Note: we’ll still be singing “Love Divine, All Loves Excelling.” In an interesting twist, that hymn still fits with the sermon.
After my sermons on James 1:19-27 (dealing with anger) and James 3:1-12 (taming the tongue) I had requests for the lists I gave. Here they are. They were put together with gleanings from Christian teachers and theologians, and advice from all of you.
10 Suggestions for Dealing with Anger
- Pray. If you feel you cannot pray, try anyway. Speak your anger to God and ask for help finding love in the midst of that which vexes you. If you need an example, search the Psalms—which often contain open and honest reflections on anger. And when you calm down keep praying, pray to remember that God loves you and that your personal worth is grounded in that love.
- Remember that God loves the person you are angry with no less than God loves you. Avoid contempt. Contempt often leads to anger, but contempt can only arise when we deny the value of a person whom God loves.
- Remember that you are loved, but don’t take yourself too seriously. Not everything bad that happens to you is an injustice on a cosmic scale.
- Try to see it from the other person’s point of view. Walk a mile in their shoes. “Be curious, not angry.”
- Remember a time when you have done something wrong and hurt someone and use that memory to find patience and understanding.
- Give yourself permission to express other emotions. If you don’t, emotions like grief and sadness will often present themselves in an eruption of anger.
- When you find yourself unexpectedly set off by something, it may be worth digging into why it set you off. Are there issues that need to be further explored, resolutions that need to be sought? Ask yourself what hurt or fear was triggered.
- Remember that God’s justice will come in the end, and that your anger will not speed it up.
- Calm down before confronting the person who made you angry—give your human brain time to reassert control over your lizard brain. If you have to scream, go someplace where no one can hear you—or at least let those around you know that you’re not angry at them. Then take a deep breath, count to ten, exercise, talk it out with a friend, knead bread, or whatever else brings you peace. As we discussed earlier, expressions of anger in response to anger often just provoke further anger.
- Do not repress or deny anger, but don’t cling to it either.
12 Tips for Taming the Tongue
- WWJD — though Jesus always kept his tongue in check, he still said what needed to be said (often in quite memorable ways, and sometimes quite bluntly). He was not rude or hateful, but he did say what needed to be said. In this, as in all things, we should strive to follow his example. We seek to tame our tongues because we want to accomplish things with the words we say.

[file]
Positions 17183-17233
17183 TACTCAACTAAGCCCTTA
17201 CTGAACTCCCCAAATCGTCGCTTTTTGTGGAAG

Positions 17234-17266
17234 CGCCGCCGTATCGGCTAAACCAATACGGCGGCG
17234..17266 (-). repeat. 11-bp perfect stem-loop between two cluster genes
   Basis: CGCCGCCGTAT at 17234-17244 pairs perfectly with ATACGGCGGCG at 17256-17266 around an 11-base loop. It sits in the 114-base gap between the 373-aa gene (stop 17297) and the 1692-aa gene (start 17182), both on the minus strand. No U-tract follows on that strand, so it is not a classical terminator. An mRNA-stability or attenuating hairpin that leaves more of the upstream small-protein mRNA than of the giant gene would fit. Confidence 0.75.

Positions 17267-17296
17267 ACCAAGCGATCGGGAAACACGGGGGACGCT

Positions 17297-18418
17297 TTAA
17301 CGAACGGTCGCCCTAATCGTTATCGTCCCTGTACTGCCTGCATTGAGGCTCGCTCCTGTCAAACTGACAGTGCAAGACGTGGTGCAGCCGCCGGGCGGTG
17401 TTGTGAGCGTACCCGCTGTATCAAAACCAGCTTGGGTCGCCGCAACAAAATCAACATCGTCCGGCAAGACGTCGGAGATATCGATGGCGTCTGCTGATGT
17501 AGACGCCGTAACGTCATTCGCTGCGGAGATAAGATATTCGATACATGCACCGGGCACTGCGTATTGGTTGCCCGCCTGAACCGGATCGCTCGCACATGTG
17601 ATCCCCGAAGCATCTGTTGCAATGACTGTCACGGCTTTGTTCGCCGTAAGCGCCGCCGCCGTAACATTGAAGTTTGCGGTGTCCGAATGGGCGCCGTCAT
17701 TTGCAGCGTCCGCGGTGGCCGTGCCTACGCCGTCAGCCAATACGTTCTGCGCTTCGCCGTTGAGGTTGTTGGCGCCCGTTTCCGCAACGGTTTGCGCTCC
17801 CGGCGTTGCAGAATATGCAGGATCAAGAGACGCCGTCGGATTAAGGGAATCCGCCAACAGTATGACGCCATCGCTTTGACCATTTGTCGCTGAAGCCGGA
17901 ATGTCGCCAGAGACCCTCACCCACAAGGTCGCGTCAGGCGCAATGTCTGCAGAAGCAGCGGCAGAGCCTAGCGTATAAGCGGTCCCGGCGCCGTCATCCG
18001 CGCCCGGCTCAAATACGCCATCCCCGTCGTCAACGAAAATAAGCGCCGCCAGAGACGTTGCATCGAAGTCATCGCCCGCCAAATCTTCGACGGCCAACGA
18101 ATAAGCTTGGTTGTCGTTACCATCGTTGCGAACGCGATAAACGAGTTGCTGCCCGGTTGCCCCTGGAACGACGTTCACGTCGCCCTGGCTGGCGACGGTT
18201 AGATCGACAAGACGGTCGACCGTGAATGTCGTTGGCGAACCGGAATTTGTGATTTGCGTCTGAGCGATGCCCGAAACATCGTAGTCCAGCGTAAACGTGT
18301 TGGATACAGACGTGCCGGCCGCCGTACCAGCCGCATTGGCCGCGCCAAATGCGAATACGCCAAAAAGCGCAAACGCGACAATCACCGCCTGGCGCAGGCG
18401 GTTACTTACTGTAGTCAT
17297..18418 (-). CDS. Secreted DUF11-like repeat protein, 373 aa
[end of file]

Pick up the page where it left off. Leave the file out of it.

- Apologize. You can’t unspeak your words, but you can apologize. It may help you control yourself the next time.
- A rude response to someone’s facebook post is like putting a rude sign up in their front yard. Just keep scrolling. If they consistently say things that offend you—snooze or unfollow them. Facebook spats seldom change anyone’s mind.
- When provoked, follow Abe Lincoln’s example and write out a letter and then wait to send it—you may decide you really don’t need to. This works for both analog and digital. Write emails without putting in an email address, that way you can’t accidentally hit send.
- Don’t feel the need to respond to people you don’t agree with. If necessary, confide your feelings to someone you trust. “Venting” doesn’t necessarily help us deal with our anger, but it may help us contain our anger until we can address it rather than expressing it in a way that would be detrimental.
- Remember that very seldom are people obligated to listen to you. Even less often are people compelled to heed what you say. And you cannot force anyone to respect you. Biting words discourage people from confiding in you, talking to you, or even listening to you.
- Even the truth should only be spoken if you can answer yes to at least one of these three three questions: Is it kind? Is it helpful? Is it necessary?
- Make your criticism constructive—but remember that it still requires some maturity among the person receiving the criticism in order to be received. The ability to listen to constructive criticism is a skill that we should seek to develop in ourselves.
- Don’t respond immediately. Pause. Wise words from Rev. Terry Koehn: “I forget who it was that said, what makes us human is our ability to put a pause between stimulus and response. That pause is where battle with the tongue is fought, and the outcome of that battle is what can sometimes start a war or win the peace” Discern the right time to address the issue.
- “Be curious, not combative.” Remember that the person letting you have it may very well be mad about something else and just taking it out on you.
- In person conversations can help avoid conflict—we can see facial expressions, we can hear the tone in someone’s voice. Written communications can allow us to carefully word what we want to say and give the other person time to think before they respond. Try to discern which approach is best for any given situation.
- Prepare yourself for difficult conversations. Prayer can work wonders.